Flicker and stroboscopic effects have long been a concern with LED lighting. In July of 2011, ASSIST funded human-factors studies of indirect flicker perception. These studies were designed to determine what light source parameters affect the detection of flicker and stroboscopic effects, and to assess subjective responses to flicker in terms of acceptance and comfort.
The results suggested that there was a tradeoff between the frequency and the modulation depth in the detection and acceptability of indirect flicker. Follow-up studies systematically evaluated this tradeoff and looked more closely at the relationship between frequency and percent flicker. The conclusions drawn from these studies led to the development of the calculation methods detailed in the ASSIST recommends publication, which provides estimations of the detection and acceptability of light source flicker for a given frequency and percent flicker.
Nadarajah Narendran, LRC director of research and organizer of the ASSIST program, notes that the methods offered can be used easily by LED lighting manufacturers to develop systems that minimize the effects of flicker. “For the past ten years, the LRC and ASSIST’s industry members have investigated the technical problems impeding market acceptance of LED lighting. This is one example of the work that ASSIST is doing to provide the industry with solutions that can be implemented quickly and effectively,” said Narendran.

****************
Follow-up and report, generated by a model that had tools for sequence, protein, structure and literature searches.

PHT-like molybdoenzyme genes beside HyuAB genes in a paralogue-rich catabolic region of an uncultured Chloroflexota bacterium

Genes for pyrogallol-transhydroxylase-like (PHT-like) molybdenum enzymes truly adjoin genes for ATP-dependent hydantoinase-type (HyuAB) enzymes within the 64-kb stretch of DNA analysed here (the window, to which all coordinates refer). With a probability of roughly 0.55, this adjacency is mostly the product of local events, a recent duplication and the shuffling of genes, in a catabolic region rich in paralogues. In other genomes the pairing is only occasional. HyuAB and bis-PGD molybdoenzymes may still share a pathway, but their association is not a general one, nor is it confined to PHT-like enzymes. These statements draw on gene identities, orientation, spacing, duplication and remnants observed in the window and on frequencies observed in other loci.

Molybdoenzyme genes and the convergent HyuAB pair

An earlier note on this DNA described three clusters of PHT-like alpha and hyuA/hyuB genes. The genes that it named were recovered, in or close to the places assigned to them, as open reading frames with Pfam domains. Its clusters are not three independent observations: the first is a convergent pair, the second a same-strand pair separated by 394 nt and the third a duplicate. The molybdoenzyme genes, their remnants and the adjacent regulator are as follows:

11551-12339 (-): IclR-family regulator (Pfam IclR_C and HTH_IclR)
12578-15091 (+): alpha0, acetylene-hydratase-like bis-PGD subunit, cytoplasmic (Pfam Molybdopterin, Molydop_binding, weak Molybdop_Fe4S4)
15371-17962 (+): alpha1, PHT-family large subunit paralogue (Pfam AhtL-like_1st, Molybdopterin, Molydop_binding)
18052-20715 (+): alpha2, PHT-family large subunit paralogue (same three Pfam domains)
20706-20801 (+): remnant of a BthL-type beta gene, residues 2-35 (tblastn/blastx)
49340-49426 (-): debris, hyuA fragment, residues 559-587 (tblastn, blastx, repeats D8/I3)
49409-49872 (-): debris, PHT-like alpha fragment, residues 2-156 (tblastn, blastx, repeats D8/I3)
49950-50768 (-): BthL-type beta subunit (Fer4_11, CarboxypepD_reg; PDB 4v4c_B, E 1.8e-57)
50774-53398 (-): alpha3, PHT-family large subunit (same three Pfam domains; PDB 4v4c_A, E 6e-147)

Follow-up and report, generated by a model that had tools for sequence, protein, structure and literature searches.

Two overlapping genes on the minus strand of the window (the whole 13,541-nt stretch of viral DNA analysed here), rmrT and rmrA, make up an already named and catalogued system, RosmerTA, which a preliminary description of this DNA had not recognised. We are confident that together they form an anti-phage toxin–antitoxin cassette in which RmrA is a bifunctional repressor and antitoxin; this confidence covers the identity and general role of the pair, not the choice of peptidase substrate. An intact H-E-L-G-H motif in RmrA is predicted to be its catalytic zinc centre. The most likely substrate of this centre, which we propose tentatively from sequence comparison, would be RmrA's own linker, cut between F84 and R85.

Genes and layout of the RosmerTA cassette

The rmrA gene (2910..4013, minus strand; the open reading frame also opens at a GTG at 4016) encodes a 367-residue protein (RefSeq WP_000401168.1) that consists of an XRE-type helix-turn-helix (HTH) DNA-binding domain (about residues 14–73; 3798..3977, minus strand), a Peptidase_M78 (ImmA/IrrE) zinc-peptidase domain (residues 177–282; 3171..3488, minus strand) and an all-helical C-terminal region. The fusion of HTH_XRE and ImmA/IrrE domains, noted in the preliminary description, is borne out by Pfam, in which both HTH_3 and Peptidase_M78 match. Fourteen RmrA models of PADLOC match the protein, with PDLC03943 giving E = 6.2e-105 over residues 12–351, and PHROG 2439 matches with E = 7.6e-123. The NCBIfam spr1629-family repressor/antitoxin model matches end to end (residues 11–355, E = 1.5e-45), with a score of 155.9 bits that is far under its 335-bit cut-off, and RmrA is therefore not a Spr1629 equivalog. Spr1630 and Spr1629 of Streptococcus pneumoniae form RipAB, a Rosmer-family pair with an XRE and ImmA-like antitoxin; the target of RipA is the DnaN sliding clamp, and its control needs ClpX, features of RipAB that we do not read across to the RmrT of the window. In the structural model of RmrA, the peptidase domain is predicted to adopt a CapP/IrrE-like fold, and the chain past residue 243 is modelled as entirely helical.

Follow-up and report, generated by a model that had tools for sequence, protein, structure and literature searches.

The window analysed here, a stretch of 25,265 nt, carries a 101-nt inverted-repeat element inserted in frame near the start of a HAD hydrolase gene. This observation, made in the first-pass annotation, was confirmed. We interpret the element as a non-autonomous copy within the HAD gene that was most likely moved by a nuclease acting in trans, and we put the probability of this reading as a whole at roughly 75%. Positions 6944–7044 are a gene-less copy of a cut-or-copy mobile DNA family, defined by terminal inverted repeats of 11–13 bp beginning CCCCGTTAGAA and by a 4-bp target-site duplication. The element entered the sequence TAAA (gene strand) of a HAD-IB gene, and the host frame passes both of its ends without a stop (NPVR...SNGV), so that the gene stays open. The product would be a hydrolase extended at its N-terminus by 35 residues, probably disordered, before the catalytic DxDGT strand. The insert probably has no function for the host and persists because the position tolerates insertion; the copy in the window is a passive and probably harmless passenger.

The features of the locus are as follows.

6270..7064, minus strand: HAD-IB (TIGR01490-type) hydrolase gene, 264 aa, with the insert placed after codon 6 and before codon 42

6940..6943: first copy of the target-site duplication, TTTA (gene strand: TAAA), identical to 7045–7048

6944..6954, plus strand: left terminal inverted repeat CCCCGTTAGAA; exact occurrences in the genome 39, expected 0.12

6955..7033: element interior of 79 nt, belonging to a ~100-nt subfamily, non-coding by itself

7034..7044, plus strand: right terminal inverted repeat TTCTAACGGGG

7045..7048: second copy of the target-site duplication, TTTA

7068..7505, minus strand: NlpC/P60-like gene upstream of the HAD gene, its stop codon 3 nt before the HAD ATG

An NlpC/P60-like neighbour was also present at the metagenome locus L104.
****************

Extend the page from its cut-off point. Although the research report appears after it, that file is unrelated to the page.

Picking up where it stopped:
The two published studies that led to the ASSIST recommendation can be found online. The first paper, “Effects of flicker characteristics from solid-state lighting on detection, acceptability and comfort,” was published in volume 43, issue 3, of Lighting Research and Technology. The second paper, “Detection and acceptability of stroboscopic effects from flicker,” is published in the online early access section of the same journal.